• Fourth and not to be overlooked, Texas strangely became a popular destination for large numbers of Germans who just happened to know a thing or two about meat preparation (and beer to go along with the bbq). Throw all these influences together and you have a “manifest destiny” that changed the culinary landscape of America. You could say, and some have said, that barbeque was born in Elgin, Luling, and Lockhart.
Now about that Pirate Food category… Barbacoa is the term deriving from the type of tree used to separate the meat from the heat. But there is another word that refers specifically to the rack of the barbado wood that the meat was placed on. That rack of wood was called a buccan and it lent its name to those festive young men who enjoyed a hearty, smoky meal followed by a wee bit o’ pillaging and piracy. Our beloved Tampa Bay Buccaneers and the Pittsburg Pirates (nicknamed the Bucs - short for "buccaneer") are first and foremost BBQ enthusiasts and despicable humans second.  It's all true.

* The ficus barbata is featured on the Coat of Arms of Barbados. The ficus family is notable for the manner in which the trees drop "aerial roots" which look like beards. You see these beards dangling below the bottom limbs on the tree in the coat of arms. You also see a dolphin.

Friday, March 5, 2010

A Transient Feeling of Wounded Vanity

Until I decide otherwise, the title of this post is the best dictionary definition I've ever read. 

If you google "in a fit of pique" you'll find an odd assortment of rash things people did, wrote, or said at a moment of, well, "wounded vanity".  If you search "piqué" at clothing merchant Land's End, you'll find some lovely polo shirts made of an oh-so-soft fabric.  So w here do we go with this?  Does pique mean upset or soft?

You guessed it (you know me so well), it means neither.  To completely clarify matters, let's add in another variant: picante as in picante sauce - America's favorite condiment.  Did that help?  No?  Then let's add in another Mexican restaurant staple: pico de gallo.  Yes, that should clarify everything.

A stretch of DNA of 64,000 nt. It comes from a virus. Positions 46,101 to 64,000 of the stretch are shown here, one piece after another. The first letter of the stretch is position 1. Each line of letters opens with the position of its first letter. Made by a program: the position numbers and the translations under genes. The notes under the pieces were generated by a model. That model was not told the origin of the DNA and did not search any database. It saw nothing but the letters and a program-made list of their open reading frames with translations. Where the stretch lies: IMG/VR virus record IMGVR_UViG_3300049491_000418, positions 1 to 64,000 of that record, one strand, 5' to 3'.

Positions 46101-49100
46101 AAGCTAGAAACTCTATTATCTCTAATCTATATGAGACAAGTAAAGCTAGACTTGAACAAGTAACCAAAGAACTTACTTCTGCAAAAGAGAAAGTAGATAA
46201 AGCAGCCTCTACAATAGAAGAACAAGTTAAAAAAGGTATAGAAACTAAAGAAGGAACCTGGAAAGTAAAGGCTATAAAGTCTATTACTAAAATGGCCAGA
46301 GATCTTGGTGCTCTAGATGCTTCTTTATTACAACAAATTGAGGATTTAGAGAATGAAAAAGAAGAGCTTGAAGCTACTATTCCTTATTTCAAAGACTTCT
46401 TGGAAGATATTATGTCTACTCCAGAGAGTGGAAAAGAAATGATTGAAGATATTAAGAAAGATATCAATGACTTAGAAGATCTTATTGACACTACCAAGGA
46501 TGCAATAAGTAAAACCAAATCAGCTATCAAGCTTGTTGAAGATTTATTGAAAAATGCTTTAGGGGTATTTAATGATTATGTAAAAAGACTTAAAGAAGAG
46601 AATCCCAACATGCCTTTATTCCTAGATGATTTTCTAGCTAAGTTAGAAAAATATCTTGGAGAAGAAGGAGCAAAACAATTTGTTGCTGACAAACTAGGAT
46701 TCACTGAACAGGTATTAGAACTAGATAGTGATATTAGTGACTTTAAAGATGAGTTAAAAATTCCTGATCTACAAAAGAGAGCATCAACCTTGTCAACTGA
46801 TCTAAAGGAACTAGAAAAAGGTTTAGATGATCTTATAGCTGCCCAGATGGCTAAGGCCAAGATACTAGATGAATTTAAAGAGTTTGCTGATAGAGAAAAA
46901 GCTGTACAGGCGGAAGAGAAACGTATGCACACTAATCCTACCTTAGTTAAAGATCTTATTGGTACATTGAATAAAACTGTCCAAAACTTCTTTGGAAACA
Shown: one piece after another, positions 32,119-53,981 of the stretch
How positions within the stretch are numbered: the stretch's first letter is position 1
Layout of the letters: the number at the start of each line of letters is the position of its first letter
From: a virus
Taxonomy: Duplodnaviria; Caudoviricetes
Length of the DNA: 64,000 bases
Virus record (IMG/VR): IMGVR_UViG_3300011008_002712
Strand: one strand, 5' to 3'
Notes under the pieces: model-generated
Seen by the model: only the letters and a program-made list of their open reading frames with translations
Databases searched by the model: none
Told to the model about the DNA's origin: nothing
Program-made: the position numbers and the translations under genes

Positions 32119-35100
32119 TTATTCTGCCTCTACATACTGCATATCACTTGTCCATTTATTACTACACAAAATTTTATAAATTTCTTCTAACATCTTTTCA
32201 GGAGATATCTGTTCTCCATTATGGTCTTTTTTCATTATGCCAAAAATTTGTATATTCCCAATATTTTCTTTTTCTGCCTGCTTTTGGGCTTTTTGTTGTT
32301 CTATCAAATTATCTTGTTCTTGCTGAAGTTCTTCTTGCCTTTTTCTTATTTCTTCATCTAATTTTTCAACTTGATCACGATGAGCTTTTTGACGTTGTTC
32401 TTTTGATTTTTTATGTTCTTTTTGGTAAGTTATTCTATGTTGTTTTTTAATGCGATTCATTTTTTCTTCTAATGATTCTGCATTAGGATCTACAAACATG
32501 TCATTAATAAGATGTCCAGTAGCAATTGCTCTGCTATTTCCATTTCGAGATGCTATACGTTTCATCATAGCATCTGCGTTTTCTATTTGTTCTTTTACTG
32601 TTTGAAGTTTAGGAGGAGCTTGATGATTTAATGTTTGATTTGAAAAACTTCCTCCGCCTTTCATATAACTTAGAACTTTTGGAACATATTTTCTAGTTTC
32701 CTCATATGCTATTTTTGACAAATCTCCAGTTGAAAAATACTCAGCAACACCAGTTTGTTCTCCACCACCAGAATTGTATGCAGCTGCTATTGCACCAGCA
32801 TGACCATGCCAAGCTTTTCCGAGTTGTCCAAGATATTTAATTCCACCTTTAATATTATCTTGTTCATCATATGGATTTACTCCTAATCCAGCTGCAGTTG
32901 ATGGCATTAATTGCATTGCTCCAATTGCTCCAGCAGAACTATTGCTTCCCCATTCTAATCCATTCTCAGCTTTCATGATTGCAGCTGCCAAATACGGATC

Let's get to work here.  Picante sauce and pico de gallo are made of similar ingredients (tomato, onion, peppers, yada yada yada).  Pico is chunkier than picante and is served as a topping or side to some dishes whereas picante sauce (aka: salsa) is a chip dip or condiment.  As far as I can tell, the main difference between the two is the size of component ingredients.  Remember the peppers?  What category do they fall into - spices.  And that's our first real clue.  Spice and picante and pico share a common core - pic.  I'll deal with the s- part of the story in another post.  And you're probably running out ahead of me, yes, pick and spike are also related words.

Now, at this point of the story, I usually bring in some obscure old word that some people, somewhere, thousands of years ago used and I demand that all the words are related because of that one word.  (We're really getting to know each other aren't we?)  Well, that's just what I'm going to do.  The IE root is (s)peik.  (Remember we'll deal with the mysterious s- later.)  Let's break down pico de gallo to understand this.  Do you remember any Spanish?  What does "gallo" mean?  Right, rooster.  What do you think pico refers to?  Pico is the beak (s/peik) of the rooster.  A beak is sharp, like a spike, like spicy foods.  Salsa picante or "piquant sauce" has a sharp, spikey taste thanks to those spices.  Just like a bird pecks at the ground with its sharp beak to find food, the spice in piquant foods pecks at your taste buds - hopefully in a pleasing way.

What about those polo shirts?  It has nothing to do with the oh-so-soft material the shirt is made from, but rather the process by which it is made.  Ever watch your mother knit or crochet?  What did she use to weave that oh-so-soft yarn together - hard, sharp spikes, needles.  The fabric is thus called piqué (pee-kay) in reference to the process.

Now, where the heck was I, oh yes, "a fit of pique" (pronounced: peek).  Let's say you're on a first date, you're trying to get to know the other person, but you don't have a lot invested in the relationship.  The date hasn't been going well anyway and then the other person hauls off and says something utterly rude / stupid / suggestive.  That's it.  Grab the water glass, drench the fool, and storm out "in a fit of pique".  Pique is a transient feeling of wounded vanity.  Your pride (vanity) feels like it got pecked by a rooster, jabbed with a knitting needle, yada yada yada.

It's all true.  I wouldn't make it up.